Meall an t-Sithe from closer up

And a look across the loch to the Fannichs

This final ascent - or, I guess, the entire section since the Bristeadh a' Mhill Dhuibh col - changed the character of the ridge a little. The bog wasn't completely gone, but the ridge was rockier and more fun to walk overall.

Also, when I mentioned the ridge didn't seem like a crowded place... By humans, at least. Because there were dozens of mammals on the ridge; the last picture catches at least a couple. Meall an t-Sithe must be a... dear place to all those deer...

The cairn of Meall an t-Sithe and a view of An Teallach

And once again, the Fannichs above the entire length of Loch a' Bhraoin

From there, I could've simply headed straight for the car. I didn't feel like testing the bogginess of the ground I'd have to cross, though. Since I'd checked what the hill looked like from the loch side, I descended back to it. A bit rough and tussocky, but not an inherently tricky or difficult descent - and I was down on the track that led back to the layby.

On the way back, I was surprised to see one of the deer came down to say goodbye in person. Or... should I say in deer, in this case?

Click to mark this as a great report. Register or Login
free to be able to rate and comment on reports (as well as access 1:25000 mapping).


This post is not published on the Walkhighlands forum
Attachment(s) Grahams: Beinn Tharsuinn (Ardross)
Sub 2000s: Cnoc Ceislein
Date walked: 16/04/2022
Distance: 28km
Ascent: 1160m
Views: 55

Keep Marching On

Attachment(s) Sub 2000s: Creag Loch nan Dearcag, Sgùrr Marcasaidh
Date walked: 20/03/2022
Distance: 19.4km
Ascent: 1193m
Comments: 2
Views: 1121

Substituting for Frank Glenelg's Absence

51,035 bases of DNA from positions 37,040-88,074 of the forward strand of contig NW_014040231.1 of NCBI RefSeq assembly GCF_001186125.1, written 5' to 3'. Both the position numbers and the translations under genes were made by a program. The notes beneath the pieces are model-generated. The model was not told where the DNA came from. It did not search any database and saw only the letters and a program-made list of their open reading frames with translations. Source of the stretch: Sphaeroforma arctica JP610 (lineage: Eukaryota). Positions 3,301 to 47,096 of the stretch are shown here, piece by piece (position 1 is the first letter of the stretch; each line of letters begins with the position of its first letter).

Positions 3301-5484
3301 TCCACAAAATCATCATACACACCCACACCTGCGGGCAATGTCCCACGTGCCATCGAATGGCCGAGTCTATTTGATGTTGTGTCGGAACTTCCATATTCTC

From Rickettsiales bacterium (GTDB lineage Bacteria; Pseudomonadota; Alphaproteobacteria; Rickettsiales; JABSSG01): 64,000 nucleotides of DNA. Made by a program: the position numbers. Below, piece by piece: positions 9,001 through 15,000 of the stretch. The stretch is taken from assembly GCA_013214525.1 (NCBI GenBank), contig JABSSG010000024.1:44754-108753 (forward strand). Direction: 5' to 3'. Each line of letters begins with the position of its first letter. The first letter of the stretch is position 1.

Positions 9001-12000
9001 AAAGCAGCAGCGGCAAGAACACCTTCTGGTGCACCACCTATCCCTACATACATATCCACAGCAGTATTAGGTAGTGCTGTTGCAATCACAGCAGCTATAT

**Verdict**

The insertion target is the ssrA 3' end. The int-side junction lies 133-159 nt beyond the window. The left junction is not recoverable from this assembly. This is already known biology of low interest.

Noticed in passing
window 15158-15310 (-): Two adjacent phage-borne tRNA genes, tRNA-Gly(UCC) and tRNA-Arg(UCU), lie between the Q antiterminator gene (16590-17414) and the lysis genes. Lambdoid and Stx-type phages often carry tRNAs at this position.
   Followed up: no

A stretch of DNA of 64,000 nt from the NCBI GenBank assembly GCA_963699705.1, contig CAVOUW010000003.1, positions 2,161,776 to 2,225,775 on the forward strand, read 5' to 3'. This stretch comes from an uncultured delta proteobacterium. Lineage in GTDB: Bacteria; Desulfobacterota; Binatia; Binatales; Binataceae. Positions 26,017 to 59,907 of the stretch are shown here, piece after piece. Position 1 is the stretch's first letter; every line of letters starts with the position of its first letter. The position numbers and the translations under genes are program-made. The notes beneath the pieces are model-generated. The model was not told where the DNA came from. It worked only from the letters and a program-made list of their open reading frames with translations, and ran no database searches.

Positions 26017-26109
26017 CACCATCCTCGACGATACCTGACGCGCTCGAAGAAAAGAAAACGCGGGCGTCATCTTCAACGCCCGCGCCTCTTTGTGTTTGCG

Attachment(s) Sub 2000s: Beinn a'Chaoinich
Date walked: 05/03/2022
Distance: 16.6km
Ascent: 999m
Comments: 2
Views: 297

The Shoreline Moo(e)d

This post is not published on the Walkhighlands forum
Attachment(s) Date walked: 19/02/2022
Distance: 11.8km
Ascent: 329m
Views: 79

Post-Maliki Obstacle Courses

This post is not published on the Walkhighlands forum
Attachment(s) Sub 2000s: Kerloch, Strathfinella Hill
Date walked: 30/01/2022
Distance: 18km
Ascent: 785m
Views: 69

Does Nessie Like Peanuts?

This post is not published on the Walkhighlands forum
Attachment(s) Sub 2000s: Burach
Date walked: 15/01/2022
Distance: 13.3km
Ascent: 747m
Views: 10

Deceptive Firebreaks Between Christmas Trees

Attachment(s) Sub 2000s: Càrn Duchara, Cruach na Seilcheig
Date walked: 25/12/2021
Distance: 12.4km
Ascent: 793m
Views: 253


Munros: 59
Tops: 23
Corbetts: 31
Grahams: 27
Donalds: 12
Sub 2000: 36

Filter reports



Trips: 9
Distance: 196.6 km
Ascent: 11674m
Munros: 9
Corbetts: 1
Grahams: 3
Sub2000s: 7


Trips: 9
Distance: 172.7 km
Ascent: 12317m
Munros: 10
Corbetts: 8
Grahams: 2
Sub2000s: 5


Trips: 3
Distance: 95.4 km
Ascent: 3016m
Grahams: 1
Donalds: 3
Sub2000s: 2


Trips: 5
Distance: 154.2 km
Ascent: 9150m
Munros: 10
Corbetts: 5
Grahams: 2


Trips: 2
Distance: 60.3 km
Ascent: 3528m
Munros: 3
Corbetts: 1
Grahams: 3


Trips: 7
Distance: 204 km
Ascent: 9902m
Munros: 7
Corbetts: 4

Joined: Jul 08, 2019
Last visited: Aug 16, 2022
Total posts: 72 | Search posts